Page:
Taking too long - That will depend on the marketing, the pricing, the business skills and the opportunity spotting of the owner.  It should be an easy and do-able target to aim for £40k income in year one and then increase this year on year.  The tax benefits of profit extraction from the business will also mean that owners do not have to make anywhere near the salary levels of their current job, to match the income.  Would be owners need a strong marketing plan, strong business plan, and need to choose their clients wisely.

 

Being forced to work for someone else - Why?  Even if the business struggles, approach other firms, merge, partner, outsource, do whatever it takes.  After 12 months plus working for yourself I cant see why anyone would ever want to go back to a paid job.  The skills learned within those 12 months should mean that they don't have to.

 

Charging - again so many accountants underprice, undervalue, go for the easy win, resulting in too many clients paying too low a fee.  The clienjt bank should be built on quality not quality and that includes paying for the expertise and service given.  Whilst in the start up stages and unsure how to price, there are many ways round this, not least to say at outset that there will be a bi-annual review.  Also never give away all advice and support, this is a recipe for disaster, if it must be included within the fee at the very least caveat it and have a fair use policy.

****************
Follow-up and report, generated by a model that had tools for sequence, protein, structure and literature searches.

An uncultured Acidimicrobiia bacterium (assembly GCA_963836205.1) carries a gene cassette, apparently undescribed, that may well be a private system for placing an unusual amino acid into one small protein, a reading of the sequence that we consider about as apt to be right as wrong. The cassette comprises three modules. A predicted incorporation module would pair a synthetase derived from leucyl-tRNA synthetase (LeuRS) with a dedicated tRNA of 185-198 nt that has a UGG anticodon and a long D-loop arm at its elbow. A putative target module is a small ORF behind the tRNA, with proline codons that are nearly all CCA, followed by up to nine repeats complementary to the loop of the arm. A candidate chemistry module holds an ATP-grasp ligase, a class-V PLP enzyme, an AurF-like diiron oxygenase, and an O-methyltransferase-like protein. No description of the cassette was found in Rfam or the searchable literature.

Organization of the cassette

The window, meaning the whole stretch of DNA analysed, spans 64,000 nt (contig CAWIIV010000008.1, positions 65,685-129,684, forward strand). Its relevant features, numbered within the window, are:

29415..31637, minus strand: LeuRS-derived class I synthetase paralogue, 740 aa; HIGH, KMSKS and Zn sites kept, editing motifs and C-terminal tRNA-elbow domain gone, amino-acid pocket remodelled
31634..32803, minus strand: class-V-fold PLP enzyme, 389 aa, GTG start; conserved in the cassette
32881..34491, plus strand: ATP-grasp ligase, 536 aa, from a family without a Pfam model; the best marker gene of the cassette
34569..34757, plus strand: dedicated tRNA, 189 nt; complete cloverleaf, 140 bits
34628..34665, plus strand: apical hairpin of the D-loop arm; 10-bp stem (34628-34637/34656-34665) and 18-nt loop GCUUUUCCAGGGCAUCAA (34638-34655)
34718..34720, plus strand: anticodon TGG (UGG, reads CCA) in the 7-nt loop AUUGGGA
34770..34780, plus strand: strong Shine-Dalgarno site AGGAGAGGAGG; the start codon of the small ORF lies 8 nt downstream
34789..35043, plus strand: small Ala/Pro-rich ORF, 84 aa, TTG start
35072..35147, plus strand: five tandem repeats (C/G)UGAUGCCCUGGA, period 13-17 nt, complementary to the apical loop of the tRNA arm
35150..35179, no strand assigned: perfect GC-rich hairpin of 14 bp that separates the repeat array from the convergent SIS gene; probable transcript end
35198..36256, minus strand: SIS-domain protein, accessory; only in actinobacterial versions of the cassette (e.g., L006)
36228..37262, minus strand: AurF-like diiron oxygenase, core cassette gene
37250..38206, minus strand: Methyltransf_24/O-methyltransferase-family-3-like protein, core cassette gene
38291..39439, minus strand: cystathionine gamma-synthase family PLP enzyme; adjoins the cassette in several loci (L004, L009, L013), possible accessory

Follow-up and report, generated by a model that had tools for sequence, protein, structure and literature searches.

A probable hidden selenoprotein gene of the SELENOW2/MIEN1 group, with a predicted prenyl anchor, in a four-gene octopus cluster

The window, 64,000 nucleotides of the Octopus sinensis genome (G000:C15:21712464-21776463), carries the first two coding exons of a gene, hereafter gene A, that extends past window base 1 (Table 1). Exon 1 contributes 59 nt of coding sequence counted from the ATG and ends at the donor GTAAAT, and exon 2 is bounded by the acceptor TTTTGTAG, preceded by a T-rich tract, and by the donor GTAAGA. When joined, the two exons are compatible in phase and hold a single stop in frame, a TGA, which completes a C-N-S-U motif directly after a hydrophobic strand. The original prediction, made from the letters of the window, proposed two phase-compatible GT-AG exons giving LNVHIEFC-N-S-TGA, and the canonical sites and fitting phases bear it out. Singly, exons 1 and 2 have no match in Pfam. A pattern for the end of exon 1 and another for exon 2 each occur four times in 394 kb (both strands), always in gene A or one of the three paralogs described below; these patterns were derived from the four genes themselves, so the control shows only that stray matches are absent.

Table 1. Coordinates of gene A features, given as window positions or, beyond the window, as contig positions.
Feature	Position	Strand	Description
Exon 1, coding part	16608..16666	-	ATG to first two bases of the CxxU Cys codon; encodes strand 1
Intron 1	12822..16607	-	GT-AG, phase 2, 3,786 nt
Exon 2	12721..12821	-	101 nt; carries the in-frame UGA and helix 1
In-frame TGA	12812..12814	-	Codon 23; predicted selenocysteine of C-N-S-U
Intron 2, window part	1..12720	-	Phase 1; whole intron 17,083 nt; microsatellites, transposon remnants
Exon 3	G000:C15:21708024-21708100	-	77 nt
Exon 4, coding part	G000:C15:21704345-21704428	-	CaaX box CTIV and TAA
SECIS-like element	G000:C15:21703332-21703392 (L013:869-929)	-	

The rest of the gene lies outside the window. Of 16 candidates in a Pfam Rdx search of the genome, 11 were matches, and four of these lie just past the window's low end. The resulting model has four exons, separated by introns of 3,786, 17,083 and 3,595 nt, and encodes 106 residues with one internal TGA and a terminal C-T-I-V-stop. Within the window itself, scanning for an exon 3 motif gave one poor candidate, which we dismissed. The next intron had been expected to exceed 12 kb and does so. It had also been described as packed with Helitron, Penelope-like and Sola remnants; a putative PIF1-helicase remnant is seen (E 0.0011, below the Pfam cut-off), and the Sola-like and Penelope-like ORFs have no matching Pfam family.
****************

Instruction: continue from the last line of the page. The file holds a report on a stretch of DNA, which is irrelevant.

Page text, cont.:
Not knowing how to advise a client - Stick to the knitting, niche, partner up there are plenty of resources available for this gap.

 

Fear of being sued - Go limited, get comprehensive PI, have a riskm policy, dont take on idiots, scope every engagement, get the paperwork done, dont stray from core work, second opinion on complex issues, over deliver, start off with low risk clients - whatever it takes - fear of being sued is/ should be so easy to overcome.

 

Fear of losing clients - Don't give them any reason to leave,  Ever. but factor in to the business plan natural loss through retirement, back to work, insolvencies, price shoppers etc.